Forget the fad diets this spring


THE WARM Easter weather has had many of us reaching into the back of the wardrobe for our Summer essentials earlier than usual this year.

Beaches along our coasts have been packed over the holiday period, with sunseekers even tempted to a dip in the Med by daytime temperatures peaking around 26 degrees.

However, after a long cold winter of comfort eating and no exercise, those shorts and swimsuits may be a little more snug than should be.

When we need to shift a few kilos, it’s tempting to turn to one of the diet trends filling the pages of magazines and the internet in the hope of a quick fix solution to getting into shape for the warmer weather. But the sheer volume of mixed messages about diets can be deafening.

With this in mind, the British Dietetic Association has released a list of the top five fad diets to avoid for people wishing to shed some weight before Summer.


The idea is to avoid all processed foods and eat only ‘clean’ foods, by eliminating refined sugar, cooking from scratch, and choosing foods in their natural state. However some extreme versions of clean eating will exclude gluten, grains, dairy, and even in some cases encourage a raw-food diet.

In many cases, foods that are actually nutritionally beneficial are deemed as unhealthy such as those containing wholegrains, fruit and dairy, with no basis in scientific evidence.

Moreover, often clean eating substitute products – such as coconut oil, and various syrups to sweeten foods – are as high in calories, no better nutritionally and more expensive too.

Unless you have a medically diagnosed intolerance or allergy to these foods, there is no need to eliminate them and doing so could lead to deficiencies in your diet.


Many of these pills claim to keep fat from being absorbed by your body, or ‘melt’ fat, whilst others claim to suppress appetite or boost metabolism.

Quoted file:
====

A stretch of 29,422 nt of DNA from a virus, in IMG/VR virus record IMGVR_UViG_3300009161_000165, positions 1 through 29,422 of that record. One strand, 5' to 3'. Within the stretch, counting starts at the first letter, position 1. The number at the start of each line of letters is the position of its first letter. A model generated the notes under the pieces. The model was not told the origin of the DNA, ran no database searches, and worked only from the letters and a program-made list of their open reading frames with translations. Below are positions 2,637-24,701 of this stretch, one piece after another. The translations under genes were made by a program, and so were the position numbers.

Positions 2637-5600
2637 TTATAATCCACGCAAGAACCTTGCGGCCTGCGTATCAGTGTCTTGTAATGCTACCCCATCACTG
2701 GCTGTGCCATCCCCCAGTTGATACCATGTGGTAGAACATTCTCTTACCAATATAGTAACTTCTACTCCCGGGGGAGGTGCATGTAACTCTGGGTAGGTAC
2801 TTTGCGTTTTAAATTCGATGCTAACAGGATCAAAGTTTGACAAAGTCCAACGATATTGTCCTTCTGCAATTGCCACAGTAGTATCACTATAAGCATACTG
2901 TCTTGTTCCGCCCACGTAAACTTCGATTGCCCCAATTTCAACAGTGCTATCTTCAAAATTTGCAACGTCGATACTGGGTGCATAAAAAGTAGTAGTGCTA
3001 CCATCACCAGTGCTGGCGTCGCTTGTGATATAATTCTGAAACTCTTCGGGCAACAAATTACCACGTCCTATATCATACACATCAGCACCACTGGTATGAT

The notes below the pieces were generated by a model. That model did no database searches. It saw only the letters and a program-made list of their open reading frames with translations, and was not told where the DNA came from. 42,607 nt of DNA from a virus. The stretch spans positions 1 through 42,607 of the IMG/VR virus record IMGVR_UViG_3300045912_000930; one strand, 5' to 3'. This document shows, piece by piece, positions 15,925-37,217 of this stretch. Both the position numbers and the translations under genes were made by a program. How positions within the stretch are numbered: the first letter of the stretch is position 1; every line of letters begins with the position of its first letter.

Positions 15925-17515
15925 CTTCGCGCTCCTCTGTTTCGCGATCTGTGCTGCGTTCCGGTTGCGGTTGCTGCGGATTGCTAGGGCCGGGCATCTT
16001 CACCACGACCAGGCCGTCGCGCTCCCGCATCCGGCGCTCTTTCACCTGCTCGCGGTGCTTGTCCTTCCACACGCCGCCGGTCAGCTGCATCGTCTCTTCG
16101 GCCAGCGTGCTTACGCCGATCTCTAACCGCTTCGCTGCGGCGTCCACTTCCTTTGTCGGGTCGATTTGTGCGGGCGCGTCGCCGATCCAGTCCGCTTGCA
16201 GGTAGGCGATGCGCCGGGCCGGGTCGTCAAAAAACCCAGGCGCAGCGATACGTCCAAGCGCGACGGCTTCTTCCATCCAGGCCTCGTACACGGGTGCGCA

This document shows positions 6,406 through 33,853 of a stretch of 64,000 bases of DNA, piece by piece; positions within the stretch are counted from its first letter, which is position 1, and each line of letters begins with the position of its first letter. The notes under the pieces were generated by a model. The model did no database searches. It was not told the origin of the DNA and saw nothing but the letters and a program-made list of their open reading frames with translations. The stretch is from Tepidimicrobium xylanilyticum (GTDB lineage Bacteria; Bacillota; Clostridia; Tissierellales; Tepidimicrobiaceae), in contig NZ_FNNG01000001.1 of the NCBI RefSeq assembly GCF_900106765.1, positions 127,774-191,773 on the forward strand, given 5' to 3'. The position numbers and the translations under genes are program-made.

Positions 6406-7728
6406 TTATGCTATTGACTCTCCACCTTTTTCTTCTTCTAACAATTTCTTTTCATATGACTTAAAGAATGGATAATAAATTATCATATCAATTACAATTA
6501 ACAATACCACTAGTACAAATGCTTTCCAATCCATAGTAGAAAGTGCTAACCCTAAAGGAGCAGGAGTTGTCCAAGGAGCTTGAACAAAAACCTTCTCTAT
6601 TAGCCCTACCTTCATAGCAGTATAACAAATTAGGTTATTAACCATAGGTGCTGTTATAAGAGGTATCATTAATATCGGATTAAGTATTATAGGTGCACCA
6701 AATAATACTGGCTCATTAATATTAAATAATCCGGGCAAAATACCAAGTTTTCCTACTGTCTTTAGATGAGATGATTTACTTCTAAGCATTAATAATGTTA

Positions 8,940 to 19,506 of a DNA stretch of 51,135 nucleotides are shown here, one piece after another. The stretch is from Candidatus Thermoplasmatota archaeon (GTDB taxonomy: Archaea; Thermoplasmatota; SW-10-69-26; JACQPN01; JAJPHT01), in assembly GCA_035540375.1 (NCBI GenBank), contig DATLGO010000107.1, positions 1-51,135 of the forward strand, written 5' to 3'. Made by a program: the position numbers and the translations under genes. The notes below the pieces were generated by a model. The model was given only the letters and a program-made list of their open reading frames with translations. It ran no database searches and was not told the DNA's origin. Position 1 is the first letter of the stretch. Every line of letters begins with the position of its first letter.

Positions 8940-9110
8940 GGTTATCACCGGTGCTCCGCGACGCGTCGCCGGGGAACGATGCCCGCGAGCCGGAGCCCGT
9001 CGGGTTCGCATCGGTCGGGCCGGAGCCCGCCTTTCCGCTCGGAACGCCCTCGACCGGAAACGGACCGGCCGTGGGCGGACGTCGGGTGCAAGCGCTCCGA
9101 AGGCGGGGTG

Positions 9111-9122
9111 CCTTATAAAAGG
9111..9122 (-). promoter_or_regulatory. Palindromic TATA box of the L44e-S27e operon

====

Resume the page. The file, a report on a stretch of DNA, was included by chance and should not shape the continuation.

There is a danger here because diet pills should never be taken without first consulting your GP, pharmacist or dietitian as even regulated weight loss medicines on prescription can have nasty side effects including diarrhoea.


Teatoxing is short for ‘tea detoxing’ – these tea products have varying claims from detoxing the body, improving skin, reducing bloating and losing weight.

These teas often contain extra caffeine in the form of guarana or yerba mate, diuretic ingredients such as dandelion and nettle and the laxative, senna, which is not safe to take for longer than a week without medical supervision.
They might create the impression of weight loss and detoxification but this is usually water-weight loss. Couple this with the risk of the accompanying side effects such a diarrhoea, dehydration, electrolyte imbalance, gut damage and a lack of scientific evidence ….. Step away from the Teatox.


The 6:1 diet involves eating like you usually do for six days and then for one day a week, some followers of this diet completely fast, meaning they don’t consume any food for 24 hours.

Completely fasting unless properly managed is likely to lead to a lack of concentration, tiredness and low mood, which isn’t going to make you more productive.

There is no evidence that a diet like this would make you more creative either, and depending on your age, health and lifestyle, fasting could be dangerous.


Another means of ‘detoxing’ and weight management, green juices are essentially juices or smoothies made up of various fruits, vegetables, powders etc. Fans claim benefits ranging from detoxing to rejuvenation and weight loss.

The body is perfectly capable of detoxing itself without the aid of these green liquid concoctions. Adding a green juice to an unhealthy diet is never going to make up for poor choices when it comes to food.

In addition, people add in ingredients like nuts, coconut oil and whole avocados to their green breakfast juices too – meaning these juices can add up to as much as 400 kcal per glass. If you are still eating your normal breakfast on top of this, you are more likely to gain weight from consuming more calories, rather than lose weight.
Instead of choosing an exclusional diet, the BDA advice people to enjoy a rich variety of foods in appropriate portion sizes – moderation is key as well as being physically active. Losing weight is challenging and keeping it off is too, but it’s not impossible. Don’t make it even harder for yourself by following a fad.

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